Managing Knowledge Intensive Entrepreneurship
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Managing Knowledge Intensive Entrepreneurship

Maureen McKelvey and Astrid Heidemann Lassen

The book uniquely combines an academic review of theoretical and empirical contributions with an analysis of the practical implications for engaging in and learning about venture creation. The authors concentrate on specific types of firms reliant upon advanced knowledge and show how a systemic perspective of entrepreneurship is required, involving design thinking, in order to capture the relationships between individual, venture and eco-system.
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Chapter 2: The KIE creation model

Maureen McKelvey and Astrid Heidemann Lassen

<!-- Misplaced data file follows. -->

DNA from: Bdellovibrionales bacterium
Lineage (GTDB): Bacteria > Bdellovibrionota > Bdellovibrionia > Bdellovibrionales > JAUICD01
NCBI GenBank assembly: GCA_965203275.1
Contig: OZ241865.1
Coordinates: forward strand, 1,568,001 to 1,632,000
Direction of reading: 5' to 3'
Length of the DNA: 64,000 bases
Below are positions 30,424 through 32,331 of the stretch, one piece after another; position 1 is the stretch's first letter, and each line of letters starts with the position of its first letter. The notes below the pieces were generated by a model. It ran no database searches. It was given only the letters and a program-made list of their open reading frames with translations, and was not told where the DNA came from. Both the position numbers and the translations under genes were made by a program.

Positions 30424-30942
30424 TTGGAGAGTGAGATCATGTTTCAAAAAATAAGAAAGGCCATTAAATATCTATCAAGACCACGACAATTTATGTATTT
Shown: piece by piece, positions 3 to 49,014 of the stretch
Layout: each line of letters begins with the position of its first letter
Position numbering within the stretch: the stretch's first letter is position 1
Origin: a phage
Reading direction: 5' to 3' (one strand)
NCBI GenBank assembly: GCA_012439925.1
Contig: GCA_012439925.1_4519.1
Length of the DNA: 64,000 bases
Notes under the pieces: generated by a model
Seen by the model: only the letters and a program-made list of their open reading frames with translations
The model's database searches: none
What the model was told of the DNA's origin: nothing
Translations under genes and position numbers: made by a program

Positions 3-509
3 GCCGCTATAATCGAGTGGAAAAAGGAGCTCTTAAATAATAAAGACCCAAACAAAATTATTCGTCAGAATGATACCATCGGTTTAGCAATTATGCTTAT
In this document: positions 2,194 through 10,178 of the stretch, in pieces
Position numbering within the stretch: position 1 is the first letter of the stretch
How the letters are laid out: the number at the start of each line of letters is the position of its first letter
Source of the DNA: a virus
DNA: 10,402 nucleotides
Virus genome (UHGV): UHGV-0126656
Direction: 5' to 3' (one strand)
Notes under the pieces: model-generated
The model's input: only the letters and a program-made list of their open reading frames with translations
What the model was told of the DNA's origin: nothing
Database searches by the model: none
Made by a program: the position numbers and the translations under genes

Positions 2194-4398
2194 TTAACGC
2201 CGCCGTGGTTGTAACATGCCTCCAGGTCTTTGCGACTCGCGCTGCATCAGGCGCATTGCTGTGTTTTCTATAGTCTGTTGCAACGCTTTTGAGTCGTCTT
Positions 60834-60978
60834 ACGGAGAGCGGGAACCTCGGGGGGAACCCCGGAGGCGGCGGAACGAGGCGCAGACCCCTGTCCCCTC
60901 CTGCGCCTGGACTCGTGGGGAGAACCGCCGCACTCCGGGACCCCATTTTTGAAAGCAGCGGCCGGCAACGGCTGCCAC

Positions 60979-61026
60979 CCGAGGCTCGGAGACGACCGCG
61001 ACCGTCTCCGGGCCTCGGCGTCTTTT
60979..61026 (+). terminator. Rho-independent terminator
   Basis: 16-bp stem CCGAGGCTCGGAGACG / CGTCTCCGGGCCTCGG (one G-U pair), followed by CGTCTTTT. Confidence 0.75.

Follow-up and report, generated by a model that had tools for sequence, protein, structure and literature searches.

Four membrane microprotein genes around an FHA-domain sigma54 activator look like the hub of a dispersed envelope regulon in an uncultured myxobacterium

This chapter explains what we mean by these two propositions: KIE ventures represent special forms of venture creation and they are different from other types of entrepreneurship. Partly, there is a definitional issue of focusing upon that subset of firms that uses various types of knowledge and innovation as the key competitive asset, regardless of industry. However, the special form of venture creations also focuses on the relationships that occur between KIE venture creation and context during different business phases. KIE entrepreneurship is achieved through a series of decisions, which lead to the balancing of alternative logics between business planning and emergence of unexpected opportunities. A number of structures and variables are identifiable and must be considered, when planning the development of a new company. These include elements within the company but also elements in the external ecosystem and environment. But the interpretation of such variables and how one acts upon them in a company will result in a variety of different outcomes. This underlies the evidence-based approach as well as the creative development of the venture. This chapter proposes our KIE creation model, and it consists of three phases with second-order variables and identification of key themes. The first phase has to do with accessing resources and ideas, which can be seen as a focus upon inputs and ‘endowments’ that already exist in the ecosystem. The entrepreneur and founding team may bring these with them into the start-up phase. The second phase is managing and developing these ventures.

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